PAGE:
Many investors and lenders feel the quality and experience of the management team is one of the most important factors used to evaluate the potential of a new business.
But putting work into the Management Team section will not only benefit people who may read your plan. It will also help you evaluate the skills, experiences, and resources your management team will need. Addressing your company's needs during implementation will make a major impact on your chances for success.
Key questions to answer:
- Who are the key leaders? (If actual people have not been identified, describe the type of people needed.) What are their experiences, educational backgrounds, and skills?
- Do your key leaders have industry experience? If not, what experience do they bring to the business that is applicable?
- What duties will each position perform? (Creating an organization chart might be helpful.) What authority is granted to and what responsibilities are expected in each position?
- What salary levels will be required to attract qualified candidates for each position? What is the salary structure for the company, by position?
The Management Team section for our cycling rental business could start something like this:
Jim Rouleur, Owner and Manager
Joe has over twenty years experience in the cycling business. He served for ten years as a product manager for ACME Bikes. After that he was the Operations Manager of Single Track Cycles, a full-service bike shop located in Bend, Oregon. He has an undergraduate degree in marketing from Duke University and an MBA from Virginia Commonwealth University. (A complete resume for Mr. Rouleur can be found in the Appendix.(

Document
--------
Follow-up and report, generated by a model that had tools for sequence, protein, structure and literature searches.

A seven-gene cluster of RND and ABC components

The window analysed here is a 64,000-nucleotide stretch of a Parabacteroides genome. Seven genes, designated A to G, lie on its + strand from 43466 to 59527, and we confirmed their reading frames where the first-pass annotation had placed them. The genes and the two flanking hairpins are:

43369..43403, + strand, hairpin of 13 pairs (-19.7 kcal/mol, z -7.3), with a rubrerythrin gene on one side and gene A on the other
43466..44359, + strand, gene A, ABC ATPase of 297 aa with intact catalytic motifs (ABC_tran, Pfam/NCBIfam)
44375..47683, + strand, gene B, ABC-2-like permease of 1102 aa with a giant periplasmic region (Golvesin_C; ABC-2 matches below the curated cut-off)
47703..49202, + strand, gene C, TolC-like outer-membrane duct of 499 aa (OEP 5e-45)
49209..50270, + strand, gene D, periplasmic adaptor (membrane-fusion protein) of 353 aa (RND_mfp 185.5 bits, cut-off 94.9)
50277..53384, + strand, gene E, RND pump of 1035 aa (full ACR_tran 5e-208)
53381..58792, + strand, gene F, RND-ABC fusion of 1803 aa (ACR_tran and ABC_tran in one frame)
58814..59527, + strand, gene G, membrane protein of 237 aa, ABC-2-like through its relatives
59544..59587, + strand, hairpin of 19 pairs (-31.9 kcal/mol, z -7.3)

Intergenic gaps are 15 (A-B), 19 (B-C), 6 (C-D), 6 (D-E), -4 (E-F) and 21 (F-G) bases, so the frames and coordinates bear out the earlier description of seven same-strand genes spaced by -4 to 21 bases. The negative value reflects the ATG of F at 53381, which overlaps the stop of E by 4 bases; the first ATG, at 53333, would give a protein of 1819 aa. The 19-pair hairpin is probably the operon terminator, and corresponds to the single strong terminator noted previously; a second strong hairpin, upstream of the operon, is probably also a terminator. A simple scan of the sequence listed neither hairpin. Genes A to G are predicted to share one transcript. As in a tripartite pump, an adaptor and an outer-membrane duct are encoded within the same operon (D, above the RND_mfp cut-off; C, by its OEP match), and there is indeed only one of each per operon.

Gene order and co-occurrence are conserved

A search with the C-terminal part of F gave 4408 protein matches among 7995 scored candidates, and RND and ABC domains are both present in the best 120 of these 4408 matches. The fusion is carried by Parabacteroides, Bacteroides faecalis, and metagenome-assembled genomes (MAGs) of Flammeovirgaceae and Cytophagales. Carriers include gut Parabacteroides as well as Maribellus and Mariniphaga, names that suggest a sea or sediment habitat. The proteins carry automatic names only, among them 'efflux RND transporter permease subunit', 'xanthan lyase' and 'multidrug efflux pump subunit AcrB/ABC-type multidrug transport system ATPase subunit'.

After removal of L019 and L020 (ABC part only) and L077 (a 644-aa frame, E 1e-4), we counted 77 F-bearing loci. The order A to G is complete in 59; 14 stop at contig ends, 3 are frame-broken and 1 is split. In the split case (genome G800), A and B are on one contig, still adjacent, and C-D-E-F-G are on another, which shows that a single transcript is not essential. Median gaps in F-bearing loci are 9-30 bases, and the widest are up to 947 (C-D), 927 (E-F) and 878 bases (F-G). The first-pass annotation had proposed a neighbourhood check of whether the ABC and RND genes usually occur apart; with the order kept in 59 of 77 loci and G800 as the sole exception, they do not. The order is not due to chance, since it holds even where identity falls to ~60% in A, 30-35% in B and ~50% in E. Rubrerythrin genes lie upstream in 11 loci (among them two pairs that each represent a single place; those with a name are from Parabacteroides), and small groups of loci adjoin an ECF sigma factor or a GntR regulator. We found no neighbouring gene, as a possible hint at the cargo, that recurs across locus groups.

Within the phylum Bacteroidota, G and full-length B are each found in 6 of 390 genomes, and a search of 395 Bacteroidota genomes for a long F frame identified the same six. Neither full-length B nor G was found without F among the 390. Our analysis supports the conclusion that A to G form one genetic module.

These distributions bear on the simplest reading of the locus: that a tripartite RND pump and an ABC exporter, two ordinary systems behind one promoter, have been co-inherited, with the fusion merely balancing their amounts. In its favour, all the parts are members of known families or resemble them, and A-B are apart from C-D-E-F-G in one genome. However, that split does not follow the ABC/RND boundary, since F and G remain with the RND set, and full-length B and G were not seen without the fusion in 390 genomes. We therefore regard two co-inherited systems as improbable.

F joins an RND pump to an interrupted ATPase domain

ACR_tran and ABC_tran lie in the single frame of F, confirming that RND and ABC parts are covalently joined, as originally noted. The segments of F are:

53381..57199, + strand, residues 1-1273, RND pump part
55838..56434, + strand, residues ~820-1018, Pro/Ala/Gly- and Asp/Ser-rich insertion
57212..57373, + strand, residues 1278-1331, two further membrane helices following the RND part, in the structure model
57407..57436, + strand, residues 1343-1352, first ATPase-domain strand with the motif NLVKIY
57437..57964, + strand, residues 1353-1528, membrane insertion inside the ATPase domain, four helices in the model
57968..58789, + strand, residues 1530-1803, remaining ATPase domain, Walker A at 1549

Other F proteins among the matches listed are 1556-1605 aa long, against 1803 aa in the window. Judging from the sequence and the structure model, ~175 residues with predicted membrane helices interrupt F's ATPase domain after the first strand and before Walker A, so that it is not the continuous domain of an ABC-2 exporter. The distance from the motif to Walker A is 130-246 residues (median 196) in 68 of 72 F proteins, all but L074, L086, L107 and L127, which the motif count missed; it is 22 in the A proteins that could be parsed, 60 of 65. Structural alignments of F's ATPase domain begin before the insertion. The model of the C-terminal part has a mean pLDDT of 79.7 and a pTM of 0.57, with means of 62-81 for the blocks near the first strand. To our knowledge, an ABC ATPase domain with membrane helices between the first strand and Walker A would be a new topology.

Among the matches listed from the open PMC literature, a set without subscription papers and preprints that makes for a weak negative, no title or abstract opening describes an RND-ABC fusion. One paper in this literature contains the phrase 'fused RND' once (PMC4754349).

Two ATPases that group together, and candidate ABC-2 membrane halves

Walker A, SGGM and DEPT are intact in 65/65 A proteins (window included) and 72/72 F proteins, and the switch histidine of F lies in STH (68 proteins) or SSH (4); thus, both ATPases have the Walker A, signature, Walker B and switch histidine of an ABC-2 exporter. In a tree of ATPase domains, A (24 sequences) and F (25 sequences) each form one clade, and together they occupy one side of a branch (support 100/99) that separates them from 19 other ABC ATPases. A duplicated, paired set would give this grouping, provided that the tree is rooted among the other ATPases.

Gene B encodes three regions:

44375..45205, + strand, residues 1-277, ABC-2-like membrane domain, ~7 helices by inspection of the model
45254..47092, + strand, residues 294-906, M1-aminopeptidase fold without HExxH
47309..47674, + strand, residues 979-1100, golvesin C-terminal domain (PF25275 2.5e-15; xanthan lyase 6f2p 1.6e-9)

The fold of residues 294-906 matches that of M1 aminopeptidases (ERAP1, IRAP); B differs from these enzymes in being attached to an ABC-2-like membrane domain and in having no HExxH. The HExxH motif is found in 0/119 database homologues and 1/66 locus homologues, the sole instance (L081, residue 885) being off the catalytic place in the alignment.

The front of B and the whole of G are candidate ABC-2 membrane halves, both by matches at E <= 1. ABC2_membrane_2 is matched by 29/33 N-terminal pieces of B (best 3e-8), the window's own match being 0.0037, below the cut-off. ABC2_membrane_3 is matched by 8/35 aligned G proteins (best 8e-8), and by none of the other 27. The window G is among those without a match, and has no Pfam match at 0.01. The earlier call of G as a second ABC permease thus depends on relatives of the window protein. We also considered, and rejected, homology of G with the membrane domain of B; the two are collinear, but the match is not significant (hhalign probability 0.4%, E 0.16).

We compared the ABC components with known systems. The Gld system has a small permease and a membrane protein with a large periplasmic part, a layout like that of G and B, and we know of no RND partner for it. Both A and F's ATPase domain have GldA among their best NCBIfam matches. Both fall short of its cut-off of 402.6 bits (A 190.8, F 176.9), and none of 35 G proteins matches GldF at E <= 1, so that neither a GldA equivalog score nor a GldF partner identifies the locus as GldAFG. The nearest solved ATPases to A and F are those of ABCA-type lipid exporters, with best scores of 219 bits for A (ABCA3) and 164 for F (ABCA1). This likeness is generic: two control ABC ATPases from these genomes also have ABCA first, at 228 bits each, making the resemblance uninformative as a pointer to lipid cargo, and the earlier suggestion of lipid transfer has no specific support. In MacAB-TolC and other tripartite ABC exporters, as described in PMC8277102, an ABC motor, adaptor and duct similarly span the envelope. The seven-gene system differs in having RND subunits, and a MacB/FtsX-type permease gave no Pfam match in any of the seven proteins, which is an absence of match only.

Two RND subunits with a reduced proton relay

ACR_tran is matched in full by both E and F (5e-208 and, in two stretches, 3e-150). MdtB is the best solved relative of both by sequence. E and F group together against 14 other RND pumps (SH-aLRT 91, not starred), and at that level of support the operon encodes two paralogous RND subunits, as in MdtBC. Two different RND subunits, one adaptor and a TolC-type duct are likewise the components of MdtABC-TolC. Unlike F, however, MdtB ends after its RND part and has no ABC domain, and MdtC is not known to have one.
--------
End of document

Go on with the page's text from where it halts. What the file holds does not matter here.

Mary Gearset, Assistant Manager
Mary was the 2009 U.S. Mountain Biking National Champion. She worked in product development for High Tec frames, creating custom frames and frame modifications for professional cyclists. She also has extensive customer service and sales experience, having worked for four years as the online manager of Pro Parts Unlimited, an online retailer of high-end cycling equipment and accessories.
In some instances you may also wish to describe your staffing plans.
For example, if you manufacture a product or provide a service and will hire a key skilled employee, describe that employee's credentials. Otherwise, include staffing plans in the Operations section.
One key note: Don't be tempted to add a "name" to your management team in hopes of attracting investors. "Celebrity" management team members may attract the attention of your readers, but experienced lenders and investors will immediately ask what role that person will actually play in the running of the business--and in most cases those individuals won't play any meaningful role.
If you don't have a lot of experience--but are willing to work hard to overcome that lack of experience--don't be tempted to include other people in your plan that will not actually work in the business.
If you can't survive without help, that's okay. In fact that's expected; no one does anything worthwhile on their own. Just make plans to get help from the right people.
Finally, when you create your Management section, focus on credentials but pay extra focus to what each person actually will do. Experience and reputation are great, but action is everything.
That way your Management section will answer the "Who is in charge?" question.
Next time we'll look at the next main component in a business plan: the ever-popular Financial Analysis.
More in this series:
- How to Write a Great Business Plan: Key Concepts
- How to Write a Great Business Plan: the Executive Summary
- How to Write a Great Business Plan: Overview and Objectives
- How to Write a Great Business Plan: Products and Services
- How to Write a Great Business Plan: Market Opportunities
- How to Write a Great Business Plan: Sales and Marketing
- How to Write a Great Business Plan: Competitive Analysis
- How to Write a Great Business Plan: Operations
- How to Write a Great Business Plan: Management Team
- How to Write a Great Business Plan: Financial Analysis